More than a year ago, the world went through a major transition. COVID-19 took over the world, and everyone went into lockdown. People stuck in other countries can’t leave to visit their families on the other side of the world.
On the other hand, even people living in the same cities can’t meet each other. All these changes have led to more isolation and detachment from our loved ones. However, young adults are facing the most detriment to their mental health.
Mental Health Before COVID-19
The world is not equipped to handle a mental health crisis because even before the pandemic, it was difficult. Here are some pre-pandemic statistics on mental health to give you an idea:
- Depression is the leading cause of disability in the world, with almost 270 million people being affected
- More than half of mental health conditions begin at the age of fourteen
- Suicide is the second leading cause of death among people aged from fifteen to twenty-nine
- People suffering from severe mental disorders die ten to twenty years earlier than the general population
- Every forty seconds, someone dies of suicide
If this wasn’t enough, we now have a pandemic increasing these statistics as more young adults and other people are battling mental health problems.
Mental Health Amid COVID-19
Now that you know what mental health was like before the pandemic, here are some facts and statistics to show you what the situation is like amid COVID-19:
- Mental health services have been disrupted, and people can’t seek care or treatment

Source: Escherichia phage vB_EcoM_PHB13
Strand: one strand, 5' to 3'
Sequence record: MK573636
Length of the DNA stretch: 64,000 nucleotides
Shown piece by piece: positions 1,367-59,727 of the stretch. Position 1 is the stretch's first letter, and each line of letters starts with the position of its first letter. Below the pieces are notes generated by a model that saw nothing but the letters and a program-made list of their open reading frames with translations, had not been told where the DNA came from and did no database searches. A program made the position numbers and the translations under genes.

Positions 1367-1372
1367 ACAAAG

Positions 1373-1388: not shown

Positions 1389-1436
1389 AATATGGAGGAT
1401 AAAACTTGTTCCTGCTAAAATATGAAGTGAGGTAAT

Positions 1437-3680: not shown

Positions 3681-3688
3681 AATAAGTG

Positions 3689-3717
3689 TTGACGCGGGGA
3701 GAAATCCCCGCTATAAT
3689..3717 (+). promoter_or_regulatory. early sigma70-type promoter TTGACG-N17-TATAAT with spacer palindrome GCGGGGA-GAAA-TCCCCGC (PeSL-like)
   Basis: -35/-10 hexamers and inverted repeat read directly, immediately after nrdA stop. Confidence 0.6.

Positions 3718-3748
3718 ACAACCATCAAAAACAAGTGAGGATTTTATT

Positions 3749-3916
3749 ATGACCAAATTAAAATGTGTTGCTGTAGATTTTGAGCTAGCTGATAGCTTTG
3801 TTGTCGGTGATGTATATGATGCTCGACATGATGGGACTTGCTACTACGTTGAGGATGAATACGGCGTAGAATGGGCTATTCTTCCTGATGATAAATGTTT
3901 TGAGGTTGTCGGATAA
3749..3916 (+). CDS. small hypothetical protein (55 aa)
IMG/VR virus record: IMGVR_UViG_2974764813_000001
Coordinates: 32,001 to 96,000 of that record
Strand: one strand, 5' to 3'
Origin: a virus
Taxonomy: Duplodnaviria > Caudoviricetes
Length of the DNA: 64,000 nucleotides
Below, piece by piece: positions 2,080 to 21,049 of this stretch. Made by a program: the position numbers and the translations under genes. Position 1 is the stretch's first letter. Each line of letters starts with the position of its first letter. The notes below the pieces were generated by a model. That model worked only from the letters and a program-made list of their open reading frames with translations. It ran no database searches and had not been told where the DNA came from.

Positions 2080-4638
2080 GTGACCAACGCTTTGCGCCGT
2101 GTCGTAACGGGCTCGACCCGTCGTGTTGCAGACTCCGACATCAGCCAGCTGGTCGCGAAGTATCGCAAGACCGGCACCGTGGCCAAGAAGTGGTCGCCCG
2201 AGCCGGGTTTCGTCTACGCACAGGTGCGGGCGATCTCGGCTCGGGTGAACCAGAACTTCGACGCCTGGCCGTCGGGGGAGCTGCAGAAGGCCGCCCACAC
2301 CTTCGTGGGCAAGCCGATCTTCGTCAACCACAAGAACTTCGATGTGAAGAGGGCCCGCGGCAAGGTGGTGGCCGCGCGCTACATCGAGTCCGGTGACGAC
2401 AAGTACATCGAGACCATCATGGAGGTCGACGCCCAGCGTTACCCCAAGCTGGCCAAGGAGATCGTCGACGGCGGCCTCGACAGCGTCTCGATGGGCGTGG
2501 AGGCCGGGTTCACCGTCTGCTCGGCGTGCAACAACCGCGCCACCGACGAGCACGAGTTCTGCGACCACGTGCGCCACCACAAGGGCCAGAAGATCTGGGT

- People with existing mental health conditions have seen a relapse during COVID-19
- Frontline workers and patients, and families of people battling with COVID-19 are the most affected by mental illnesses
- 47% of frontline workers have stated they need psychological support
- Women are reporting a greater level of depression than men amid COVID-19
Mental illness problems have increased, and access to treatment has reduced. There are reports of increased depression, anxiety, substance abuse, addiction, and much more in young adults. That is why it has now become more important than ever to take care of mental health.
How To Find Support
Young adults who can’t receive psychological care or treatment from a therapist need to find ways to cope independently. That includes exercising, keeping a healthy diet, and finding an outlet to channel your energy. You can also find support from loved ones to cope better with the pandemic.
You are not responsible for the pandemic, but you are responsible for how you can cope with it. The best way to do that is to find a mental health professional in your area so you can have some support and care. Professionals are in a better position to help people struggling with mental illness.
The transition has not been easy for anyone, but we hope you find the support you truly need during these times. After all, we all deserve to thrive and find happiness, even in the little things.